A discourse on Paragraph 353 and the Certification procedure: The Supreme Court on Further Submissions and Rights of Appeal

Thirty six pages and sixty six paragraphs encapsulate the Supreme Court’s considerations, reasoning and conclusions in Robinson (formerly JR (Jamaica)) v Secretary of State for the Home Department [2019] UKSC 11

Part 5 of the Act Nationality, Immigration and Asylum Act 2002 was substantially amended by the Immigration Act 2014 Act which restructured rights of appeal. Section 82 no longer restricts a right of appeal to an appeal against an “immigration decision” as formerly listed in section 82(2). In particular, there is no longer any right of appeal in respect of a decision to make a deportation order or a refusal to revoke such an order per se. Instead a person may appeal where the Secretary of State has decided to refuse a protection claim or a human rights claim made by that person or has decided to revoke that person’s protection status.

Authority is to the effect that if the Secretary of State decides that new representations in relation to some earlier decision (whether of his own or by the tribunal) which is now final and closed do not amount to a fresh claim under paragraph 353, he will reject the representations as matters which do not affect the position of the applicant within the regime of immigration law. In that sort of case, on the assessment of the Secretary of State the representations do not amount to a ‘claim’ by the applicant, so his decision is not a decision ‘to refuse a human rights claim’ (or any other sort of claim) within the scope of section 82(1) of the 2002 Act. No right of appeal arises in relation to his decision that the new representations do not amount to a fresh claim. Such a decision can only be challenged by way of judicial review.

The arguments advanced on behalf of the Appellant in Robinson were that the effect of the 2014 amendments to the 2002 Act was that Paragraph 353 no longer applied to the categorisation issue as to whether submissions were a “claim” within section 82 and was now relevant only to certification issues.

The submissions on behalf of the Appellant were the assertions that the abrogation of the role played by Paragraph 353 was intended to remove the Secretary of State’s “gatekeeper function” in deciding the prior question as to whether a second or subsequent submission constituted a claim at all: the argument was that a second or subsequent human rights claim is a “human rights claim” for the purpose of the statutory provisions regardless of whether the Secretary of State accepts or refuses to accept that the claim is a fresh claim within Paragraph 353.

On this basis, the submission was that any second or subsequent submission which is a “human rights claim” under section 113(1) of the 2002 Act attracts a right of appeal under section 82, notwithstanding that the individual has made a previous claim that removal would breach a relevant obligation, whether the same relevant obligation or a different one, whether on the same basis or a different one, whether with the same or different submissions and evidence, but subject however to the certification provisions in Sections 94 and 96 of the 2002 Act.

The Supreme Court’s conclusions however were that Paragraph 353 continues to perform a useful role notwithstanding the machinery introduced by Part 5 of the 2002 Act. The Court’s reasoning was that the features they referred to as applicable, strongly suggested that Paragraph 353 continues to perform an important function.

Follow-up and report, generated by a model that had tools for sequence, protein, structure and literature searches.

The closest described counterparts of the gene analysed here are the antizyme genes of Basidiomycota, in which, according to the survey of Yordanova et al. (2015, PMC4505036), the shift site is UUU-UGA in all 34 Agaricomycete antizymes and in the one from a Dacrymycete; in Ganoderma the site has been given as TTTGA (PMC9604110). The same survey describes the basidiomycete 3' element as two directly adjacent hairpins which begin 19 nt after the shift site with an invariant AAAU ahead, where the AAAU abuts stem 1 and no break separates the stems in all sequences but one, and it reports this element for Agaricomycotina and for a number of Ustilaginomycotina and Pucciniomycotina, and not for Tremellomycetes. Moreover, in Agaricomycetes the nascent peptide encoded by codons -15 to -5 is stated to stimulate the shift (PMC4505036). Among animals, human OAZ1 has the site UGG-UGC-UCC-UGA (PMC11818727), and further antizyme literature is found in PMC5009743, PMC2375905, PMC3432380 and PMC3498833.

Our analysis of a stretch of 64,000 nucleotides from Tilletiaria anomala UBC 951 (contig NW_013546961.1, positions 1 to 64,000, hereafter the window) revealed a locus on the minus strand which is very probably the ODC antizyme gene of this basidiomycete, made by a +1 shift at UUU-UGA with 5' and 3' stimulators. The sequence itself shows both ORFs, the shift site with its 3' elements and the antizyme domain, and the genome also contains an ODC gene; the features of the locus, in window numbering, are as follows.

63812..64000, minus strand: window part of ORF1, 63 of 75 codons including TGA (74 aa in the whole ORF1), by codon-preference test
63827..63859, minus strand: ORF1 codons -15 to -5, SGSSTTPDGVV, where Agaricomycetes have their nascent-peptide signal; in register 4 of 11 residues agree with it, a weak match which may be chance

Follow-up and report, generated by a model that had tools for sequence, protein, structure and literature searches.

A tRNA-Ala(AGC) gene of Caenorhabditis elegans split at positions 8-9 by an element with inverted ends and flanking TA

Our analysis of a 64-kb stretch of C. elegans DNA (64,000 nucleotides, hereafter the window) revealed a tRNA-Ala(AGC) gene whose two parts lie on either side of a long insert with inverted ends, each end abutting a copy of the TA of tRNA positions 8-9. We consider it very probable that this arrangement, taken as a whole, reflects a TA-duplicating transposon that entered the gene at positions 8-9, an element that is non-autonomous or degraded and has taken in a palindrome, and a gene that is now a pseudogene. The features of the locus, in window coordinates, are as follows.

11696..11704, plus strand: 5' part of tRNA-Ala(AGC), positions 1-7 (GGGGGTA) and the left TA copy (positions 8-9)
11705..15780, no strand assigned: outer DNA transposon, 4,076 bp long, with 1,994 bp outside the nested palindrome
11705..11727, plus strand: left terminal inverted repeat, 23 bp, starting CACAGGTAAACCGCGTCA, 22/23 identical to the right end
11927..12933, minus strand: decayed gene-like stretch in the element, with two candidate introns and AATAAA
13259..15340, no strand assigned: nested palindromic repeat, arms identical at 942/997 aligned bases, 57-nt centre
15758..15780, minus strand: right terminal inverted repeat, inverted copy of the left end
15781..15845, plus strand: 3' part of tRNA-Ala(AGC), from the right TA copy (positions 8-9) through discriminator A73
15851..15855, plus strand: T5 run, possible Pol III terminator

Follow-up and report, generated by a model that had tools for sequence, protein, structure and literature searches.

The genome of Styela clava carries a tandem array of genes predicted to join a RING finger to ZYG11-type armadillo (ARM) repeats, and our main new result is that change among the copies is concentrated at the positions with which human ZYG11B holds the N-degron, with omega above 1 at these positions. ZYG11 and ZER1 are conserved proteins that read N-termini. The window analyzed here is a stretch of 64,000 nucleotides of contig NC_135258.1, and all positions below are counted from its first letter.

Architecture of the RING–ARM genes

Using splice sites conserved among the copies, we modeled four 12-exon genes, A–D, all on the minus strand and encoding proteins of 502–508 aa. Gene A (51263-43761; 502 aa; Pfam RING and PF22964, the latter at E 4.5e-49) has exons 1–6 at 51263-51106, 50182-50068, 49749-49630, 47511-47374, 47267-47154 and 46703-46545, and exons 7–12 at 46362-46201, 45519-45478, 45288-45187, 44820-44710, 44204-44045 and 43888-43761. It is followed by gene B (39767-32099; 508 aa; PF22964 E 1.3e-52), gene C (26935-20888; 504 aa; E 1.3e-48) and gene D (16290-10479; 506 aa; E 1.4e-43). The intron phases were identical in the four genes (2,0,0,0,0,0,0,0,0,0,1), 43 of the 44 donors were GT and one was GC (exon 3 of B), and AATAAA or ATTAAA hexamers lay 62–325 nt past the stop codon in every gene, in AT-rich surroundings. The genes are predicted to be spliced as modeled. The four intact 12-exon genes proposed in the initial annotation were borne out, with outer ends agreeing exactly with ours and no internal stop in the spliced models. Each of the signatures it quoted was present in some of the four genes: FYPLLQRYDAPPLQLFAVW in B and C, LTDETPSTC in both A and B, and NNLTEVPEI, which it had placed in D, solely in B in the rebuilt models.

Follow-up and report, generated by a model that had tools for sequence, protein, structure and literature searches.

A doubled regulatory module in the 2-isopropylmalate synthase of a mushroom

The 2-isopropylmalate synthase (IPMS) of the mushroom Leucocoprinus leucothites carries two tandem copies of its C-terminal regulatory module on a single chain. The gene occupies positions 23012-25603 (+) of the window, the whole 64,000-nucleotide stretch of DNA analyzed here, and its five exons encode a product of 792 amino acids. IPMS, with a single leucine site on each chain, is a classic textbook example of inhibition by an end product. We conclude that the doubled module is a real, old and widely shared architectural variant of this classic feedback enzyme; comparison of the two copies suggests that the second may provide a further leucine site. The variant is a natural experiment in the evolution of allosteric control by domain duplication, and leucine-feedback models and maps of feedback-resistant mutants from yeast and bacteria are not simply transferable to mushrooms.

Applicable Immigration Rule:

Paragraph 353 of the Immigration Rules provides:

“353. When a human rights or protection claim has been refused or withdrawn or treated as withdrawn under paragraph 333C of these Rules and any appeal relating to that claim is no longer pending, the decision maker will consider any further submissions and, if rejected, will then determine whether they amount to a fresh claim. The submissions will amount to a fresh claim if they are significantly different from the material that has previously been considered. The submissions will only be significantly different if the content:

(i) had not already been considered; and

(ii) taken together with the previously considered material, created a realistic prospect of success, notwithstanding its rejection. This paragraph does not apply to claims made overseas”.

 

Statutory Provisions:

Part 5 of the 2002 Act was amended with effect from 20 October 2014 in a number of respects by the Immigration Act 2014:

Keeling Schedule, Nationality, Immigration and Asylum Act 2002, Part 5 Immigration and Asylum Appeals, and Part 6 Immigration Procedure

Section 82 – Right of appeal to Tribunal:

“(1) A person (‘P’) may appeal to the Tribunal where –

(a) the Secretary of State has decided to refuse a protection claim made by P,

(b) the Secretary of State has decided to refuse a human rights claim made by P, or

(c) the Secretary of State has decided to revoke P’s protection status.

…”

 

Section 84 – Grounds of appeal:

“(1) An appeal under section 82(1)(a) (refusal of protection claim) must be brought under one or more of the following grounds –

(a) that removal of the appellant from the United Kingdom would breach the United Kingdom’s obligations under the Refugee Convention;

(b) that removal of the appellant from the United Kingdom would breach the United Kingdom’s obligations in relation to persons eligible for a grant of humanitarian protection;

(c) that removal of the appellant from the United Kingdom would be unlawful under section 6 of the Human Rights Act 1998 (public authority not to act contrary to Human Rights Convention).

(2) An appeal under section 82(1)(b) (refusal of human rights claim) must be brought on the ground that the decision is unlawful under section 6 of the Human Rights Act 1998.

…”

 

Section 92 – Place from which an appeal may be brought or continued: